Although many patients have a preoccupation with food which leads them to know a lot about cooking, they often struggle to eat what they cook. In the session, sample meal plans and guidance are provided regarding practical things for them to make.
“Youth plan their meals to contain any food they wish, as long as they don’t compensate after (e.g. exercise, fast, or vomit)” she says. “We are trying to normalize eating and this can’t be achieved if compensatory behaviours are present.”
The next phase in treatment consists of nine weekly sessions focused on improving body image once their eating is normalized.
“We have to address the things that maintain the eating disorder mindset. With eating disorders, poor body image is typically experienced intensely and it is impairing. Many also have very rigid food rules,” says Boniferro.
Food rules can vary. For example, one person may have a rule that they can only have 60 per cent of the food that their parents put on the plate. Another may have a chocolate bar but only if they eat nothing but vegetables for the rest of the day.
“Participants identify their food rules and we intentionally break them by placing foods in their meal plans.”
Participants keep a detailed record of what they are eating and when, as well as their thoughts and feelings. There is always a formal review of the eating diaries in session with the patient to assess how they’re doing and keep both therapist and participant focused on treatment goals.
In the last phase, the sessions are held every two weeks and focus on relapse prevention strategies.
“Everyone has stressors come up, such as school and difficult relationships, and we need to make sure people know what to expect and how to address it without reverting back to the eating disorder behaviours,” says Boniferro.
She also meets with the patient 20 weeks after the last session to see how they are doing and review the relapse prevention plan. They can also add booster sessions, if needed.
The Ontario Community Outreach Program for Eating Disorders (OCOPED), which is funded by the Ontario Ministry of Health and Long-Term Care, works collaboratively with a provincial network of specialized eating disorder service providers.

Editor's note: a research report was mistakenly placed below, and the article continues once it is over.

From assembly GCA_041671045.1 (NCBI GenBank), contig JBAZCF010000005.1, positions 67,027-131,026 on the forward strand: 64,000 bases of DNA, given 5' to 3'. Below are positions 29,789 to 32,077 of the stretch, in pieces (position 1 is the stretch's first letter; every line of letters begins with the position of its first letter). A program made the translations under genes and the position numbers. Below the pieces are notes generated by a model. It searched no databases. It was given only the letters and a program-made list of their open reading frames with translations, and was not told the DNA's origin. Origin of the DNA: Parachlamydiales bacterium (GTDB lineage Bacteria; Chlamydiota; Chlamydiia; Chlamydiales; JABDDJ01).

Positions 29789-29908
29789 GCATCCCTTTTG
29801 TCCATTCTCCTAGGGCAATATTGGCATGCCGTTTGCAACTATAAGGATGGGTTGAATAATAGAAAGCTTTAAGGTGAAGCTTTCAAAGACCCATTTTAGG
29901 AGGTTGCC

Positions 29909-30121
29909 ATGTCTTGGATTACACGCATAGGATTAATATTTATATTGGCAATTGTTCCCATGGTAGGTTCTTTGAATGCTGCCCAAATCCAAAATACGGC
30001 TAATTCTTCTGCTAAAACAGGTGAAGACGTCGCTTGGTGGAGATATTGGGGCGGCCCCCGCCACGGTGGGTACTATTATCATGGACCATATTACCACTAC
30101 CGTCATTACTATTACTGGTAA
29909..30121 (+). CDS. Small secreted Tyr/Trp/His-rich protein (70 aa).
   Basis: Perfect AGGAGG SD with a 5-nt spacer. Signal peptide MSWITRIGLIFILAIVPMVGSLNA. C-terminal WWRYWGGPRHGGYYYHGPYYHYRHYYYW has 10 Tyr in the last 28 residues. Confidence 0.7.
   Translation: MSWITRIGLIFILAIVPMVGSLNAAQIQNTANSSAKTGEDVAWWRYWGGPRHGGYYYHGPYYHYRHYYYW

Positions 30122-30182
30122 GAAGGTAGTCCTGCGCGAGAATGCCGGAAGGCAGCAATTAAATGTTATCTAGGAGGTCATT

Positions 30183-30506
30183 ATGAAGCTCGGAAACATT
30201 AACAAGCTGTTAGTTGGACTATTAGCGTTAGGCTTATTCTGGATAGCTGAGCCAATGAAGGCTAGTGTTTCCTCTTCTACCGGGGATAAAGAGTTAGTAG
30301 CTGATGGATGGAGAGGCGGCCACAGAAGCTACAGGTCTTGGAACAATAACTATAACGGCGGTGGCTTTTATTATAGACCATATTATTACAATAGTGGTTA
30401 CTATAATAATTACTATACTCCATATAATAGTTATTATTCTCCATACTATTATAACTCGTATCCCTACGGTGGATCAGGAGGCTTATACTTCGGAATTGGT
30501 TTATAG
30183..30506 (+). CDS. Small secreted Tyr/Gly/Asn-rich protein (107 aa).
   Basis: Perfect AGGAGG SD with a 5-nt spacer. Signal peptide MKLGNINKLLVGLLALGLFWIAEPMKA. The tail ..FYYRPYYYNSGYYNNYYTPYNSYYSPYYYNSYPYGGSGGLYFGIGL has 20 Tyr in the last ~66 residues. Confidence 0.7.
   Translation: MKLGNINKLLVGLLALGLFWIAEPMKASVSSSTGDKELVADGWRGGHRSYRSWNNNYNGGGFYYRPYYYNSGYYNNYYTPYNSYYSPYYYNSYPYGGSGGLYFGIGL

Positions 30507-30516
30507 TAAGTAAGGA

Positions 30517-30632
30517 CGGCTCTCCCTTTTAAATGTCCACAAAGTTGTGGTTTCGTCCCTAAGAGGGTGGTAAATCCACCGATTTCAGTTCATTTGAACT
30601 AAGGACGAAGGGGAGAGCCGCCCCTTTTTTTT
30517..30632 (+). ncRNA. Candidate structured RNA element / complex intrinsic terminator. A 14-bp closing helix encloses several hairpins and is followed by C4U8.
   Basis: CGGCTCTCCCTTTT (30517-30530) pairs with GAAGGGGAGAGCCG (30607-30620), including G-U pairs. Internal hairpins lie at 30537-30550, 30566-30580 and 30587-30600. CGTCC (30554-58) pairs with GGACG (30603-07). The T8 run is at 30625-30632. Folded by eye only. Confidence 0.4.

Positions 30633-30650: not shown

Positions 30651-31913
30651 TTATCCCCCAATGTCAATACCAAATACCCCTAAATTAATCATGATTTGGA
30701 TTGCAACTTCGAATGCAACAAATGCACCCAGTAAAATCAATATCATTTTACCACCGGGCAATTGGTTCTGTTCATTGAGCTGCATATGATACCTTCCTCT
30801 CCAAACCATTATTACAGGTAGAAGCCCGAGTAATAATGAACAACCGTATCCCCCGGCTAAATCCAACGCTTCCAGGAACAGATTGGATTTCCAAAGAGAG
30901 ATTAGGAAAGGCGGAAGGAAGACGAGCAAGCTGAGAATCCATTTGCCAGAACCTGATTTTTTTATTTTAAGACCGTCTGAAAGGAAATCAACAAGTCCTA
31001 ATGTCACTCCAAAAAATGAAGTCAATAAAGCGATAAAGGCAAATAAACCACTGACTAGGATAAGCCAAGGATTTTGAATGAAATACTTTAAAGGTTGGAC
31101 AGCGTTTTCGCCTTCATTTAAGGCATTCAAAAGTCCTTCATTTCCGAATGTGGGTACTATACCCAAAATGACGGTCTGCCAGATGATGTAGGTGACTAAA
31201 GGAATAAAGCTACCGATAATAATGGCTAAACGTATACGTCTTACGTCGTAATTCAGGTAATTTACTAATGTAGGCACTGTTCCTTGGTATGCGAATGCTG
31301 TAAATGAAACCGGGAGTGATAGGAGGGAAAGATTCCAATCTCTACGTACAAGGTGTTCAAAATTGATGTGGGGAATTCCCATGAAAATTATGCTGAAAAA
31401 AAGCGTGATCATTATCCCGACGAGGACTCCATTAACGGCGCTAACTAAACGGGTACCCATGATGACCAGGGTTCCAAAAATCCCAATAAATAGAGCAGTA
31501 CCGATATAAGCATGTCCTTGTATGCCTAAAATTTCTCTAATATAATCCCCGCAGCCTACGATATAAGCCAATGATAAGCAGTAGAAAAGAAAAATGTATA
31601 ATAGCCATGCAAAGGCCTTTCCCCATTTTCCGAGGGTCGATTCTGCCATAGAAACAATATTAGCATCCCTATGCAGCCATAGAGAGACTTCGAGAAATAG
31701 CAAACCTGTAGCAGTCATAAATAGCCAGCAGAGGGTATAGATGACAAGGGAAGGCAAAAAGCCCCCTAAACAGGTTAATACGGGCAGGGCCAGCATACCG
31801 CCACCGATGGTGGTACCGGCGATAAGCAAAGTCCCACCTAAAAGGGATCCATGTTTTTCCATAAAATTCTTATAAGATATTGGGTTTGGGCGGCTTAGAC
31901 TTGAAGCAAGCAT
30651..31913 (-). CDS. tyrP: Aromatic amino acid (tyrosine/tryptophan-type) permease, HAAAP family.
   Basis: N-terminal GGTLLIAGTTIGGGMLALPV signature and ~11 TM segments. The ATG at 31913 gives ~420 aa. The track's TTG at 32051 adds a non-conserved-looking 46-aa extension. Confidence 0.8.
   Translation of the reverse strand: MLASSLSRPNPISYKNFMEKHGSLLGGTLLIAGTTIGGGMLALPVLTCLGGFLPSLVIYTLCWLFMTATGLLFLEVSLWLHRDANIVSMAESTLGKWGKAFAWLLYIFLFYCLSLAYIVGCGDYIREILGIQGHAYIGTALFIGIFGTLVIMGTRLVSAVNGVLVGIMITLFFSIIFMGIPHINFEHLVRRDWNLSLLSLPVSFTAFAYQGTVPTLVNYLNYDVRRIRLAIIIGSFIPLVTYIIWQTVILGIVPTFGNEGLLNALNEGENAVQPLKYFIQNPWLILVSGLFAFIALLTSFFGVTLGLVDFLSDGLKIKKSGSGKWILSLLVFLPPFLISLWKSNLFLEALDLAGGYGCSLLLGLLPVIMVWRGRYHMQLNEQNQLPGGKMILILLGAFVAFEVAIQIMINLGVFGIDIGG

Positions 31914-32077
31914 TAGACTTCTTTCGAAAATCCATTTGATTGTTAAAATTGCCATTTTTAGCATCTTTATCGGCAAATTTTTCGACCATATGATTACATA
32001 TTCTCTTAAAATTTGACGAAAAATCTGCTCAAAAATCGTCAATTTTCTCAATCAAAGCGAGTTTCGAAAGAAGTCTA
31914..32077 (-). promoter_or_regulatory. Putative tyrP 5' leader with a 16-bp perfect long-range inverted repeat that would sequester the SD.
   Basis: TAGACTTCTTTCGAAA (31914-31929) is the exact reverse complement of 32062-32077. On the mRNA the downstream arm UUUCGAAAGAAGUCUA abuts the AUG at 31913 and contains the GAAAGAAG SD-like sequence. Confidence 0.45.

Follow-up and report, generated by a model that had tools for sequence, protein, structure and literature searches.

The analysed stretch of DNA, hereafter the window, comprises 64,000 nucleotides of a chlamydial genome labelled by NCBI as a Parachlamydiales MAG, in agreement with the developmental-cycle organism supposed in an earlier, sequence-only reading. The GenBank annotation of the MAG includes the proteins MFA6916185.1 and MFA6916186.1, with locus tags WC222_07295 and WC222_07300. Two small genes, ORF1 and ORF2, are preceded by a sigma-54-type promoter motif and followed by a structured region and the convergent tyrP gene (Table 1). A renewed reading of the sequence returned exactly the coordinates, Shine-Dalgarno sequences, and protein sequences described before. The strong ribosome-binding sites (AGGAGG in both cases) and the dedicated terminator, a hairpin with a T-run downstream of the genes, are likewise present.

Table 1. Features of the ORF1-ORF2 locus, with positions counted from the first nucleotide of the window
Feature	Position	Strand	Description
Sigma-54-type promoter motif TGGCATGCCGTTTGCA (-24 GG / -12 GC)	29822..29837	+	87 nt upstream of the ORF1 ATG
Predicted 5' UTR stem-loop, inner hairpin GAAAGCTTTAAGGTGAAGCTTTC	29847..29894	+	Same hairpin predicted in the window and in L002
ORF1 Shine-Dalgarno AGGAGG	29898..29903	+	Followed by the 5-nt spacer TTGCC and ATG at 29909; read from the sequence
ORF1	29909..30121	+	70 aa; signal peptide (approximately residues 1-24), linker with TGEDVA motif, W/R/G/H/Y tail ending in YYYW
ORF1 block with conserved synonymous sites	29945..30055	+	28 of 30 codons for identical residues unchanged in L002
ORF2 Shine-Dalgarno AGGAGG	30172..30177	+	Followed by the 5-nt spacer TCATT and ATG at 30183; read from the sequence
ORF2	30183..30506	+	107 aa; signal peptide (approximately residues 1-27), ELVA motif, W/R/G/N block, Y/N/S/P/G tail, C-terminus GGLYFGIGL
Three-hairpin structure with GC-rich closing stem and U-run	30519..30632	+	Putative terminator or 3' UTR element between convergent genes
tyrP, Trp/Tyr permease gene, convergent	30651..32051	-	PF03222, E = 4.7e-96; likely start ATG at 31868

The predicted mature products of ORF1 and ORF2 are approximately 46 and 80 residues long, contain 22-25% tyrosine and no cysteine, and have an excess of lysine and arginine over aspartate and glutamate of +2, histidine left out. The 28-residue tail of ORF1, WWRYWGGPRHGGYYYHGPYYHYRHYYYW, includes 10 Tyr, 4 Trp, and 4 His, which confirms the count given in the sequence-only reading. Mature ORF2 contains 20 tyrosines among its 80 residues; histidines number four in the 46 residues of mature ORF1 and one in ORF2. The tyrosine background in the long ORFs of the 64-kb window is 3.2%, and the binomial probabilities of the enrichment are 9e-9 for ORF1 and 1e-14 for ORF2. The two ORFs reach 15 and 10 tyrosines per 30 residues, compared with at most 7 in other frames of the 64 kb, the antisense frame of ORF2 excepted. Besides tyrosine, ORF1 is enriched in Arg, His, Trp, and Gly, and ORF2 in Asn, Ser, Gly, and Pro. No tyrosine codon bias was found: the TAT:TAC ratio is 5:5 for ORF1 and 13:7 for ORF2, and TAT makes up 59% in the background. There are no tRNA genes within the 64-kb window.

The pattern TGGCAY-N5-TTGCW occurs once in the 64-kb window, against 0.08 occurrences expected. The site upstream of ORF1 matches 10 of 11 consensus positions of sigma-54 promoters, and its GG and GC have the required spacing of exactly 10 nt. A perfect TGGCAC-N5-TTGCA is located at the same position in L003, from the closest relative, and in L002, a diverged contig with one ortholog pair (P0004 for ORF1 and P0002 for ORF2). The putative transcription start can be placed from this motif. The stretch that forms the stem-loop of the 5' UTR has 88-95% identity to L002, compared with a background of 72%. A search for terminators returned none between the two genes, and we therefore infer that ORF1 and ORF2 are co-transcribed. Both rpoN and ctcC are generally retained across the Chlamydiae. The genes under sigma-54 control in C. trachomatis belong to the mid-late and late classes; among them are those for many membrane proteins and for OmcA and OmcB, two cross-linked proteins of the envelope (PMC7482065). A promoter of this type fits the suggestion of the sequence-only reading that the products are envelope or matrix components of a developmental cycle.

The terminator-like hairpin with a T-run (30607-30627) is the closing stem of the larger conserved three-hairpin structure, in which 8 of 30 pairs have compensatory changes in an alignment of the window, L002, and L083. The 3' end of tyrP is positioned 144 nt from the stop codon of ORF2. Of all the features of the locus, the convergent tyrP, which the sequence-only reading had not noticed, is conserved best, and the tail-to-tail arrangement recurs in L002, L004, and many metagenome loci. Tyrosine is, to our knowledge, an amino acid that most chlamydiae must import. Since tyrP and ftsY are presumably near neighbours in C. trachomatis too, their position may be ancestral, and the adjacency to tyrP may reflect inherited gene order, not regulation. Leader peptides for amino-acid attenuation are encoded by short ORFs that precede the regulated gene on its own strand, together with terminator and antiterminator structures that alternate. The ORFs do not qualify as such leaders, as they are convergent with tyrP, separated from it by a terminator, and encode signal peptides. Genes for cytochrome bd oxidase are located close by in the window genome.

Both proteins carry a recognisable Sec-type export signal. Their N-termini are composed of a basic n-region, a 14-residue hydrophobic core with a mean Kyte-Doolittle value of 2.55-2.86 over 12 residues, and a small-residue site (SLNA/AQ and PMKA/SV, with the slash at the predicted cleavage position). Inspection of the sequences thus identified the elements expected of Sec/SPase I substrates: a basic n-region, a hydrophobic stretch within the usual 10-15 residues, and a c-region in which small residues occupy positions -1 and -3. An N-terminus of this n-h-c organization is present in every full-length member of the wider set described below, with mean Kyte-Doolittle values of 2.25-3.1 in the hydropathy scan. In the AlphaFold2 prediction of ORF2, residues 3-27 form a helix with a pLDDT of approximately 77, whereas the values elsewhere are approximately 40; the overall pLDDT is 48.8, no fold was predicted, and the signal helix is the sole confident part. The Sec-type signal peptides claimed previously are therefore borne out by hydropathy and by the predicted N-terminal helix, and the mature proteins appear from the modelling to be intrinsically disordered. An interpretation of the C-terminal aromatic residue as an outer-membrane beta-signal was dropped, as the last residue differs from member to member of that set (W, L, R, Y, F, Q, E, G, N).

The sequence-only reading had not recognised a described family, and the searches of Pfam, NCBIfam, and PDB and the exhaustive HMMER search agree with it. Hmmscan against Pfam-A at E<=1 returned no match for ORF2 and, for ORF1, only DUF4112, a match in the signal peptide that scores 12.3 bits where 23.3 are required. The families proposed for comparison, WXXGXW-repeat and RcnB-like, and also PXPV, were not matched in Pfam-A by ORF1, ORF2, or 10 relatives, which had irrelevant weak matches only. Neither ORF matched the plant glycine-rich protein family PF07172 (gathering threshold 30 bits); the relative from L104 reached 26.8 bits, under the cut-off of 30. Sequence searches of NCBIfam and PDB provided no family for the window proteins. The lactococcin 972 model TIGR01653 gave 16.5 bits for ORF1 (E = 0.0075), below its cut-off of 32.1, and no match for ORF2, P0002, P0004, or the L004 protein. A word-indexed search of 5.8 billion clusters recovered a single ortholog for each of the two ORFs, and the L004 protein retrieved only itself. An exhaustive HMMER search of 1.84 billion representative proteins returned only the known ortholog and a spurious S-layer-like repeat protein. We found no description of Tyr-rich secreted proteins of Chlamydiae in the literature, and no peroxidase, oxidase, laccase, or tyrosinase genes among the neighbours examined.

It is a challenge to provide continuity of care, to bridge the paediatric system to the adult system in a way that is seamless for a particularly vulnerable age group in terms of mental health, says Dr. Amrita Ghai, Clinical Psychologist and an OCOPED member, who implemented the transition age youth program in the Eating Disorders Outpatient Clinic at St. Joseph’s Healthcare in Hamilton two years ago and also provides private eating disorder treatment at The Clinic on Dupont in Toronto.
In addition, patients in this age group are often in the midst of pursuing post-secondary education.
“How do we facilitate youth going away to university in another city while in the midst of a treatment program? The practicality of making plans to continue treatment when they move to another city for schooling are unique to transition age youth,” says Dr. Ghai.
At this point the use of tools such as the Ontario Telemedicine Network (videoconferencing) is not that common, and the future may also bring other modifications to make treatment more accessible to youth, such as texting appointment reminders and online completion of food records.
“Through collaborative efforts we are attempting to develop consistency in treatment elements and program evaluation,” says Dr. Ghai. “We are also attempting to share resources and learnings from the multidisciplinary OCOPED members in order to optimize treatment for this vulnerable group.”